2. James, Your impulse to tell Americans how to live and what to drive smacks of the leftist-totalitarian mentality so prevalent in the Democratic party. Who are you to decide how people should live and how to drive?

    Regarding your comment: “we do not need 13/mpg trucks“. Try telling that to business owners, building contractors, construction companies, families with 3+ children, farmers, ranchers, etc. etc. etc.. What next, you’re going to tell companies and inviduals they’re not allowed to own private planes, they can’t have a house more than 2,500 sq. ft., they can’t eat more than 10 pounds of red meat a month, they can’t have A/C on, etc. ? It’s called communism, and last time I checked it was a COMPLETE FAILURE!

  3. I don’t recall saying anything about legislating what people should drive. Instead, I’m simply suggesting that incentives be offered to encourage more fuel-efficient vehicles. How is that “socialism”?

    So, I guess people are “entitled” to drive whatever vehicles they wish, and the gas companies are “entitled” to charge whatever they wish for a gallon of gas despite the fact that the oil industry could have survived without charging what they have over the last year based on their record profits.

    How is that supposed to work, exactly?

    I’m not opposed to opening up drilling within Alaska, so perhaps you should put forth some statistics about what the estimated impact would be to our reserves and to the price of gas should we do so instead of your usual continuous moaning about the liberals.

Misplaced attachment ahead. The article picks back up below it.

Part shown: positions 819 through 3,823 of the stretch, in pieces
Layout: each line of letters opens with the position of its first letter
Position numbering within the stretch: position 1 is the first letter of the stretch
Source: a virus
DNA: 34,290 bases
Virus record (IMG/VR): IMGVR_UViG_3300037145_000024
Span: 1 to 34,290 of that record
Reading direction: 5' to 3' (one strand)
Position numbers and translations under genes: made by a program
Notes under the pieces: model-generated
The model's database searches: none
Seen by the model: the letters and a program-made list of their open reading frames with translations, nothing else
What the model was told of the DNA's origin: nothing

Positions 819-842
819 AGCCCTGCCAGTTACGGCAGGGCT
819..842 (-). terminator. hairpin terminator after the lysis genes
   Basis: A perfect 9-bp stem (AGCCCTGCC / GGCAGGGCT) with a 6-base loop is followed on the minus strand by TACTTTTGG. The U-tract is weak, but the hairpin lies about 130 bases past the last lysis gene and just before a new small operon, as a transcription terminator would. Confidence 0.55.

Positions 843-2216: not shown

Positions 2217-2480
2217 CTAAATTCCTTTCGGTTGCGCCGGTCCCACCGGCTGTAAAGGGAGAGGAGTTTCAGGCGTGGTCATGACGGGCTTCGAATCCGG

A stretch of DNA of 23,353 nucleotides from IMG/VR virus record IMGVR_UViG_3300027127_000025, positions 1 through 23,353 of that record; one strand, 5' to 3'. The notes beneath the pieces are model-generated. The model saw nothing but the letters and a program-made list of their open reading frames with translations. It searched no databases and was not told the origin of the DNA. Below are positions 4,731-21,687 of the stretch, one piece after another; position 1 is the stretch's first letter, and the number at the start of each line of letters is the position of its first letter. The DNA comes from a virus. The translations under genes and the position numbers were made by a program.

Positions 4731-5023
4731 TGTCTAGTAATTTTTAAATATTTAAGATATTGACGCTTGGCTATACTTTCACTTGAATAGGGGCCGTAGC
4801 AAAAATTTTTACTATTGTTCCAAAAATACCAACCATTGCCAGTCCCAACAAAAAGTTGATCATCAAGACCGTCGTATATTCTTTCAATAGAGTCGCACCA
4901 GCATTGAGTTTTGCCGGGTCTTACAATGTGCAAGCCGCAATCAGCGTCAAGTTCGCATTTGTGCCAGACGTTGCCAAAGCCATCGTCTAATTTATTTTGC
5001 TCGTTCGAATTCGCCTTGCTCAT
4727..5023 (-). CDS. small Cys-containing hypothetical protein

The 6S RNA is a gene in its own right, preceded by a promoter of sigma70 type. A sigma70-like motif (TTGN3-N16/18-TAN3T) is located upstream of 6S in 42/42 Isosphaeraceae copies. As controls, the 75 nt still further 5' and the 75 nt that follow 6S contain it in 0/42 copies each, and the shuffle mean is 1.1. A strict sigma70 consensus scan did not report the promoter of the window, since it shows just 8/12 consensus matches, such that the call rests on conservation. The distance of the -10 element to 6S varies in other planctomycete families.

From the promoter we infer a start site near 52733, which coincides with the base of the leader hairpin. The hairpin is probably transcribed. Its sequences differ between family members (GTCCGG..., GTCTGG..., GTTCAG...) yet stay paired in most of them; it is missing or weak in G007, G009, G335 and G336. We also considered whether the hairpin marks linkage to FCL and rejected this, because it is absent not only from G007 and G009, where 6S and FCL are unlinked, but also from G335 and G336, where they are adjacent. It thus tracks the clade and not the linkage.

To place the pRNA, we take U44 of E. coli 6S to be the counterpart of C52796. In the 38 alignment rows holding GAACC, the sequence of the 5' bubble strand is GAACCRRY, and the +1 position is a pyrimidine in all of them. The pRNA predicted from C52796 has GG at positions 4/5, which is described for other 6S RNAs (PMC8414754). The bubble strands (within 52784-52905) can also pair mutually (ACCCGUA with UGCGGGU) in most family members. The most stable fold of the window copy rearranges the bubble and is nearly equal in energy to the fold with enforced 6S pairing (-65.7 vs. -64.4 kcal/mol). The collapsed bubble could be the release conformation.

4. There really is no way to know what the reason for the recent rapid increase of petroleum is. Some say that the weakened U.S. dollar is one factor to blame. The manipulation of oil prices on the commodities market is also named as a factor. No matter what, there are areas in the United States and the Gulf of Mexico that are “off limits” to the drilling and extraction of oil by corporations. This is the case because of laws enacted by Congress. Of course left wing environmentalists are the main influence behind these laws. In places where corporations are not allowed to drill, one finds the Communist Chinese drilling. Environmentalists have no problem with this. Historically, Communist countries have been the worst polluters of the earth. Yet environmentalists get enraged and combative when this point is made to them. Environmentalism is not about saving the earth. It is about destroying America. No matter what their flaws, oil corporations have provided the world with the lifestyle everyone on earth wants to benefit from. If Maxine Waters was to take over the production of our energy needs, we will be back to living in the “Stone Age”.